‘Our husbands thought we were bipolar, but the meltdowns were caused by our periods’

Premenstrual dysphoric disorder (PMDD) is a severe form of PMS, often described by sufferers as “PMS on steroids”. It affects 1 in 20 women and 90% go undiagnosed. These three women bravely tell their stories of living with the hormone-related condition which has a terrible effect on mental health.

‘I wanted to rip out my womb with my bare hands’

Laura, 32, lives in north Wales, and is married to Gareth, 35, a records manager. They have a daughter, Joy, who is nine months old.

"Three years ago, I travelled to a wedding with my husband Gareth. We got caught in traffic, the hotel had no hot water, and the hair dryer didn’t work. Most women might have been irritated, but I became physically paralysed by despair. I sat at the dressing table feeling so out of control, I couldn’t even put my make-up on.

That level of meltdown is common for 10 days every month. And I’ve been like that for years. Aged 14, my friend went on holiday, and I bawled my eyes out for two days!

I describe PMDD as like a sea of fog descending. You can see it, but try and stop it and it will suffocate you. The only saving grace is that you know it will change with your cycle. But it often feels like your whole life is dominated by it.

The trigger is always when I hit the luteal phase of my cycle, just after ovulation. The PMDD attaches itself to any of life’s imperfections which are then amplified in your head. When my period arrives I feel normal again, yet still traumatised and ashamed about my hormones wreaking havoc.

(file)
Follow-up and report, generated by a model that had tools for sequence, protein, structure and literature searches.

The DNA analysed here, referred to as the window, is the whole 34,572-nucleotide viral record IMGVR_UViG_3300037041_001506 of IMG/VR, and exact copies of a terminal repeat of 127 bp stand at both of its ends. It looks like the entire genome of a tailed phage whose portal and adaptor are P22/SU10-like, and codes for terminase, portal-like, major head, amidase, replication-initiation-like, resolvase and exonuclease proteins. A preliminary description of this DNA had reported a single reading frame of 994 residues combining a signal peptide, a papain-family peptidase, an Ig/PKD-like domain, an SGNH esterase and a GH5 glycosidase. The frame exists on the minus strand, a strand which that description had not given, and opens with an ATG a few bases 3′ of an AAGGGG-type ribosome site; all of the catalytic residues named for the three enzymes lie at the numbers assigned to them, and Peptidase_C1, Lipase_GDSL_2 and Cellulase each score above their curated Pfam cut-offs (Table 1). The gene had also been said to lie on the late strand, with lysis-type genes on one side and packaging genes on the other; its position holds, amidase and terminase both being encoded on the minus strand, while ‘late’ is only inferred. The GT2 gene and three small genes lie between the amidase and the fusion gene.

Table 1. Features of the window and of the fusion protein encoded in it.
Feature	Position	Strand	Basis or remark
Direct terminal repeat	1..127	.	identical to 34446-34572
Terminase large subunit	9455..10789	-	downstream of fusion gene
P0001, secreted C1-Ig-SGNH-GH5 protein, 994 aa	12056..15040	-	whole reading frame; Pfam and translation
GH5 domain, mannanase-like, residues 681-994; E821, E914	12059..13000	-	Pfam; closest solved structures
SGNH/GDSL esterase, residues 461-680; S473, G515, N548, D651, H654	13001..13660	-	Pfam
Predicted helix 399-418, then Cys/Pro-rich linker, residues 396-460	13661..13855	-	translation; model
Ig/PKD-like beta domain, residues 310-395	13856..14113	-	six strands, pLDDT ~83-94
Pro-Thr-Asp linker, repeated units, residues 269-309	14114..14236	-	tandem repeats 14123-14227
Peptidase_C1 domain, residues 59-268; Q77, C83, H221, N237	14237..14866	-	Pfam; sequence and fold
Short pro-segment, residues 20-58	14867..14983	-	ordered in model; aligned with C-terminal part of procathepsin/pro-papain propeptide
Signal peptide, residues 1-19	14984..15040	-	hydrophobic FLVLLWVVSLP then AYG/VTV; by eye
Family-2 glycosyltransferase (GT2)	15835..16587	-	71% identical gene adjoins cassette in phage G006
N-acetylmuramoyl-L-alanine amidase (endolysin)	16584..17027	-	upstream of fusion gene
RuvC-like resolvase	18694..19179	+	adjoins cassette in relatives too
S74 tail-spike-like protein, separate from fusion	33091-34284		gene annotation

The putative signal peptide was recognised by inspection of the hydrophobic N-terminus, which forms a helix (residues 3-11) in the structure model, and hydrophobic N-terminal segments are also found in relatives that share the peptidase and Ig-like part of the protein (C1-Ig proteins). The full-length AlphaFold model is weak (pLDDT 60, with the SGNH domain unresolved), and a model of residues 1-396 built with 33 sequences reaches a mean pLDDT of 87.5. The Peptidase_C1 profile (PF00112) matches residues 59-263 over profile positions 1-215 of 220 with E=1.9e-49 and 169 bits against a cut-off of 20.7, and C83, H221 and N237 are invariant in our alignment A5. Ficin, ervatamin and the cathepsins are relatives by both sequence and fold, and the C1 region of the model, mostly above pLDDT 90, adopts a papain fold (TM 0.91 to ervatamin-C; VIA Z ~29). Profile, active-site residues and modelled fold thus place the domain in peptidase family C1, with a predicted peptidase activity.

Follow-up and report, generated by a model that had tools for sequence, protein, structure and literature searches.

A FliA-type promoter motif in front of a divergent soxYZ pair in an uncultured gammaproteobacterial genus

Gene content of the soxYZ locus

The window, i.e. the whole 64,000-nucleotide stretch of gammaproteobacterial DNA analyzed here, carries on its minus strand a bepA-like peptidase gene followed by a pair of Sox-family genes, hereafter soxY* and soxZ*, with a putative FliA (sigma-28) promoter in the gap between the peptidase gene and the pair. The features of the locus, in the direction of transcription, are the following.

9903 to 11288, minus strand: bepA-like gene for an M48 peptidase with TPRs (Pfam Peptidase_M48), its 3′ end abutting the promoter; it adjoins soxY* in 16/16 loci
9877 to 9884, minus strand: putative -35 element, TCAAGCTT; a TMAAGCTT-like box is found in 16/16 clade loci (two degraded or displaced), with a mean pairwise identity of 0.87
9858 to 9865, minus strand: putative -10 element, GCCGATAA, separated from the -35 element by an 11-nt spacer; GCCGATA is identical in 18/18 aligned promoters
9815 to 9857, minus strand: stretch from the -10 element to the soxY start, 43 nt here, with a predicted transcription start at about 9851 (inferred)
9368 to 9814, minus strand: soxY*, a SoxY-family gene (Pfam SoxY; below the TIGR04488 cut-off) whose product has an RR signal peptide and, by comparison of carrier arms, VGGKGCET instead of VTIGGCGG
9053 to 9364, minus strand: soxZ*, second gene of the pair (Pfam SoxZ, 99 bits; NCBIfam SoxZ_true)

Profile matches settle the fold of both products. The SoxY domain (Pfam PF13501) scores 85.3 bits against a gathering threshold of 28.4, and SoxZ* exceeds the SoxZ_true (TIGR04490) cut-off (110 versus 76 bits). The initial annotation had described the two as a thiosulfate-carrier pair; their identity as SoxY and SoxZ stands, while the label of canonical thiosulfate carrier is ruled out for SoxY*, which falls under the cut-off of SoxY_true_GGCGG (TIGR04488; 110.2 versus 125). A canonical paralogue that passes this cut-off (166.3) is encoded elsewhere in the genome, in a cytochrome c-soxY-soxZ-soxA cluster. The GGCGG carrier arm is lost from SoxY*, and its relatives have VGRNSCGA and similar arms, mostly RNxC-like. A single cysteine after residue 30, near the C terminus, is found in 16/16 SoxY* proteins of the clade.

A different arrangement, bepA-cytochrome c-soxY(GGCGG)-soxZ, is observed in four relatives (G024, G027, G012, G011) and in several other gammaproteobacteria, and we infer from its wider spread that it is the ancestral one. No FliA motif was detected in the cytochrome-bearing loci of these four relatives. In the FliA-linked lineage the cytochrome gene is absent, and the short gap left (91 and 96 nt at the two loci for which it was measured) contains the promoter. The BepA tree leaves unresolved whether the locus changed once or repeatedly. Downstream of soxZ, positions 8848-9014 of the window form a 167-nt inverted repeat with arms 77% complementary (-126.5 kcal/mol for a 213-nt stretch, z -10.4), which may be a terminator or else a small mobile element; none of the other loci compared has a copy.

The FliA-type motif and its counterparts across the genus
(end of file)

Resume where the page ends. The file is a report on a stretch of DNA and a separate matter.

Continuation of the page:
I don’t lash out, I turn the aggression inwards, often silently screaming, from the bottom of my belly no sound comes out.

I’ve tried different contraceptives – the pill and the IUD – but nothing helped. Because I’d been tracking my periods and symptoms my GP acknowledged it was PMDD when I eventually sought help in 2019. I finally felt validated.

I wanted to raise awareness of hormone related mental health issues and reach out to other women. So at the start of 2020, I created an anonymous Instagram account about PMDD. At first I wasn’t ready to be named, terrified of being judged a “psycho”. But I felt I had to be open to encourage others to do the same. So in August 2020, I started my podcast and went public. After the first couple of episodes, I got so many positive messages so I knew it was important to carry on. I now release one a month and listeners have reached into the thousands.

In early 2021, I fell pregnant. Despite having hyperemesis gravidarum (extreme morning sickness) which saw me hospitalised four times, it was the happiest I’ve been as it meant no PMDD.

Baby Joy arrived in November 2021, but as soon as my periods returned, so did the PMDD – with a vengeance. I always wanted more kids but if you ask me when I’m in my PMDD state I’d tell you I want to rip out my womb and ovaries with my bare hands, so I accept I might need a hysterectomy. It’s not what I want but it’s probably what I need.

You can read more about Laura’s work at tearejonescoaching.co.uk and listen to her podcast, My Hormones My Health, on all the usual streaming sites

‘We need to keep talking about it so people are better equipped’

Stay-at-home mum Sarah Nowell, 40, lives in Newport with her husband and their two children, Phoebe, six, and Oliver, three.

"It took me 27 years to be diagnosed with PMDD, which started with my periods when I was 11. And it’s driven me – and my marriage – to the very edge. But I’ve overhauled my life and am determined to fight my way through it the natural way.

My PMDD grew steadily worse with age. At university, training to be a teacher, all the student drinking made my disorder and anxiety far worse. I’d nit pick at flatmates and was hard to live with.

At 24, I met my husband, and he realised there was a pattern. “Is this your emotional week” he’d ask? He deserves a medal for putting up with my irrational moods, especially as every month I’d want to leave him, feeling he would be better off without me.

Working flared up my symptoms so I took time off sick, which made me feel worse. After both my (happy) pregnancies I was diagnosed with postnatal depression. I knew that wasn’t correct though, because for half the month I was “normal”.